THE STORY OF BRITAIN’S MODEL VILLAGES
Miniature worlds have captivated garden guests and the paying public since the early 20th century.
Miniature worlds have captivated garden guests and the paying public since the early twentieth century. Today we still delight in their miniature marvels; Robin Glover discovers more about their past, and romantic appeal, nearly a century on!
WHEN THE WEALTHY accountant, Roland Callingham, indulged his nostalgic whim for creating, in miniature, an idealised vision of what an English country village might have looked like in the early 20th century, he little realised that he was following a social fashion which first saw light 1400 years before, in Japan, in the garden of the Empress Suiko. He lived in rural Beaconsfield, just an hour northwest of London, and he created, along with his close collaborator, James Shilcock, the finest and most enduring example of the model village, Bekonscot. Recently published by Amberley Books (amberleybooks.com), in their excellent ‘Britain’s Heritage’ series of fact-filled guides to little-known facets of UK life, is a volume entitled ‘Model Villages’, compiled and written by Tim Dunn. To compose this piece, we have taken many of his facts, and just a little of his enthusiasm, and hope you will enjoy the journey. Although hobbyists, gardeners and Asia enthusiasts had been active in Georgian and early Victorian times, mostly building grottoes and rock gardens, the key development was the later invention of the railways, bringing transportation and tourism to all classes of society. Following close behind the full-size steam engines and carriages was the emergence of scale-model versions, engineered in those premass production days by Bassett-lowke Ltd and designed to entertain the enthralled Victorians and their families. Not all houses were large enough to accommodate the ever grander, and more extravagant, track layouts so the owners of many of them were obliged to move to the garden, where operators were inspired to build tunnels and cuttings to simulate reality. The next logical step was to set the layout in or around a town or village and ‘model villages’ became the fashion, the first on record being that of Charles Wade, in 1908, at his home in Hampstead, North London. When he moved house to Snowshill Manor, in Gloucestershire, the village was moved with him, but rearranged around a fish-pond as a Cornish fishing-village. It survived into the 1920’s, being dismantled and brought inside over the winter months, and, following Charles Wade’s death and the transfer of the property to the care of the National Trust, is still there to be found displayed, indoors, along with his other collections. Soon afterwards, Roland Callingham started work on embellishing his garden at Beaconsfield, for the private entertainment of family and friends, designing and building an increasingly elaborate scheme, including a London-style railway terminus, a minster church (complete with stained-glass windows and electric lights) and a medieval castle. Finally, in 1931,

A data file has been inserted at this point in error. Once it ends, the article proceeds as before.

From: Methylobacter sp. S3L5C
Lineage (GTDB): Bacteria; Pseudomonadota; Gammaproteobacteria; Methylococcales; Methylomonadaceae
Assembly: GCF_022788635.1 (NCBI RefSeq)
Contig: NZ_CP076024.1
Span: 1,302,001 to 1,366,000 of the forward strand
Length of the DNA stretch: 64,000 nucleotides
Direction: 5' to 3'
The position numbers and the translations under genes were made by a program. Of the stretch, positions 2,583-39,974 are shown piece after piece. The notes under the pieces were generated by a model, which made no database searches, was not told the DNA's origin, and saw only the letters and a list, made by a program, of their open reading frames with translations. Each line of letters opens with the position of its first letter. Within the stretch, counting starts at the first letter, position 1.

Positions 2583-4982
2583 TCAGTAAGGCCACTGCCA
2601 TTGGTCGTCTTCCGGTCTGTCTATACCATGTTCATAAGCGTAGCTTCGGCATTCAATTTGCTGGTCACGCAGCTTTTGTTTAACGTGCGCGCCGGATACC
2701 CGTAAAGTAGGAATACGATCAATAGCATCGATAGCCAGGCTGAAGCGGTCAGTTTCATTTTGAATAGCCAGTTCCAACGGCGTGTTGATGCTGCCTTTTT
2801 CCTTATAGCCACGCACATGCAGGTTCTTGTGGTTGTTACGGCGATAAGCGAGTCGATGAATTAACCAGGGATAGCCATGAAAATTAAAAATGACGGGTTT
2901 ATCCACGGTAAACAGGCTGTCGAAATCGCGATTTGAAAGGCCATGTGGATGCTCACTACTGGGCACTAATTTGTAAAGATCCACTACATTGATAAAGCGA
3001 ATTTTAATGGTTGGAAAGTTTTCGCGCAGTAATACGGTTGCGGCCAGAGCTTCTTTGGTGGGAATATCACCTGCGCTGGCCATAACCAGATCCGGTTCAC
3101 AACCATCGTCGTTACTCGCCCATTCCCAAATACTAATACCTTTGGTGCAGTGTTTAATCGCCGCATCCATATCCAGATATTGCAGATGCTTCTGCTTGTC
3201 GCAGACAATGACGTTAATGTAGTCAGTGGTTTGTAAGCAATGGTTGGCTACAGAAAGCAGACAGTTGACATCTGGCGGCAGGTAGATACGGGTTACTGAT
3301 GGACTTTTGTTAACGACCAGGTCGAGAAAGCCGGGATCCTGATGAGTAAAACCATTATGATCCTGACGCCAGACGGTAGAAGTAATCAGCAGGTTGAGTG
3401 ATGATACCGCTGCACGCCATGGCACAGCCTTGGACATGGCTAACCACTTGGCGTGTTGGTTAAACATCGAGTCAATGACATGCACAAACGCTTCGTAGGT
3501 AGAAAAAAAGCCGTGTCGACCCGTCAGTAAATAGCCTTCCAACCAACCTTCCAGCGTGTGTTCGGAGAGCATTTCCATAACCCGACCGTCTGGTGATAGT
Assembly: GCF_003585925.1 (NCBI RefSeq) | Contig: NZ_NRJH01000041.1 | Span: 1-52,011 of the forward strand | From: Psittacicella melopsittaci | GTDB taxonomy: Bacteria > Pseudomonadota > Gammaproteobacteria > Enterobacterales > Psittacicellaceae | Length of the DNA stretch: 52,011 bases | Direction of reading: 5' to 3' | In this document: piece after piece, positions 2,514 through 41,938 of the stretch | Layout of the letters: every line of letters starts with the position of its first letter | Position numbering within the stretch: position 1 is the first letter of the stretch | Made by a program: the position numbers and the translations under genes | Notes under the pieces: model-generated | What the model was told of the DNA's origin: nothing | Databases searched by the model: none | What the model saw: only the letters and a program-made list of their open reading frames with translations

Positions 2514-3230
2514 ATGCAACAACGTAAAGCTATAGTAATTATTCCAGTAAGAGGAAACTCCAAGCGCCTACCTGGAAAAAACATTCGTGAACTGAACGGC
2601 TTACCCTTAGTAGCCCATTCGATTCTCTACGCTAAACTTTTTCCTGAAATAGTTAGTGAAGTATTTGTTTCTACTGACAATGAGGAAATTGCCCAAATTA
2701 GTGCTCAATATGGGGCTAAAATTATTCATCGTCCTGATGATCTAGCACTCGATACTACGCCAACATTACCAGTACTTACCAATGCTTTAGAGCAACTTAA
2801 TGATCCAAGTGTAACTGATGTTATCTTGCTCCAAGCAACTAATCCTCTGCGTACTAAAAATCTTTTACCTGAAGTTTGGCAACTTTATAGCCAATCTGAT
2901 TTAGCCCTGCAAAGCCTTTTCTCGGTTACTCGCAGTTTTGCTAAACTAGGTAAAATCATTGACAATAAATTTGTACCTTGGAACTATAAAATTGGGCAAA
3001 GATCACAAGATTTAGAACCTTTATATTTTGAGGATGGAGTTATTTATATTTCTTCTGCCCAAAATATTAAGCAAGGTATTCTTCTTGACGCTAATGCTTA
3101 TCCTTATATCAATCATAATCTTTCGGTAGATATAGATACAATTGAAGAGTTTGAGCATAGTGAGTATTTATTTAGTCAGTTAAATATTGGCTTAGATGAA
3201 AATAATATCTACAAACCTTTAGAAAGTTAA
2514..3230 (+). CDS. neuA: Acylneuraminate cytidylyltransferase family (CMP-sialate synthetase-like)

he considered the village was complete and the doors opened to the public, in return for charitable donations toward the upkeep costs. Unexpectedly, the private whim became a huge commercial success, possibly as an antidote for the unrest and depressing news dominating Europe at the time, and imitation – ‘the sincerest form of flattery’ – followed, bizarrely in a Cotswold pub garden, midway between Snowshill and Bekonscot. A landlord, keen to generate business and to differentiate his offer from those of his competitors, commissioned ‘a miniature mountain glen with hills and river and waterfalls’ adding scale copies of the bridges and village hall from Bourton-on-the-Water. Fired by the success of his venture, he cleared adjoining land and commissioned, in 1936, a 1:9 scale copy of the entire centre of the village, using the familiar local materials, and it has survived the passing decades, even being ‘listed’ as a national monument in 2013. Currently under restoration by Julian and Vicki, the latest landlords, it is to be discovered at the Old New Inn (true!) at Bourton. It has proved to have some permanence when many have risen and sadly fallen, by the wayside. In the post-war years, when conflict was over and austerity eased, model villages proliferated but most lacked the longevity to match the optimism of their creators. The boom years for the traditional ‘bucket and spade’ holidays brought Lilliputian villages to all the familiar seaside towns, from Canvey Island to Ilfracombe and Eastbourne to Blackpool, and the familiar story of changing fashion in leisure pursuits spelt the end – at least for some. The great survivors are dotted around Britain and still give old and young a thrill, whether of nostalgia or of the experience of walking through a town and looking down at the rooftops. Not quite the oldest in the world, but certainly the most famous, Bekonscot continues to delight; no less than two villages can be found in the picturesque Godshill, on the Isle of Wight; even London has its own, at Brockwell Park. A gentle-paced, but thoroughly British, experience awaits your visit. As well as those already mentioned, from Southsea, near the great historic naval city of Portsmouth, home of HMS Victory and Henry VIII’S 16th century flagship Mary Rose, to the Lake District, home of Beatrix Potter, and from Ryedale, in beautiful Yorkshire, to East Anglia’s Great Yarmouth, there are quiet pleasures waiting to be explored and relished.
Model Village of Hanton Fishing Village, Bekonscot in Buckinghamshire
Model Town at Wimborne in Dorset
Model Village of Godshill in Godshill, Isle Of Wight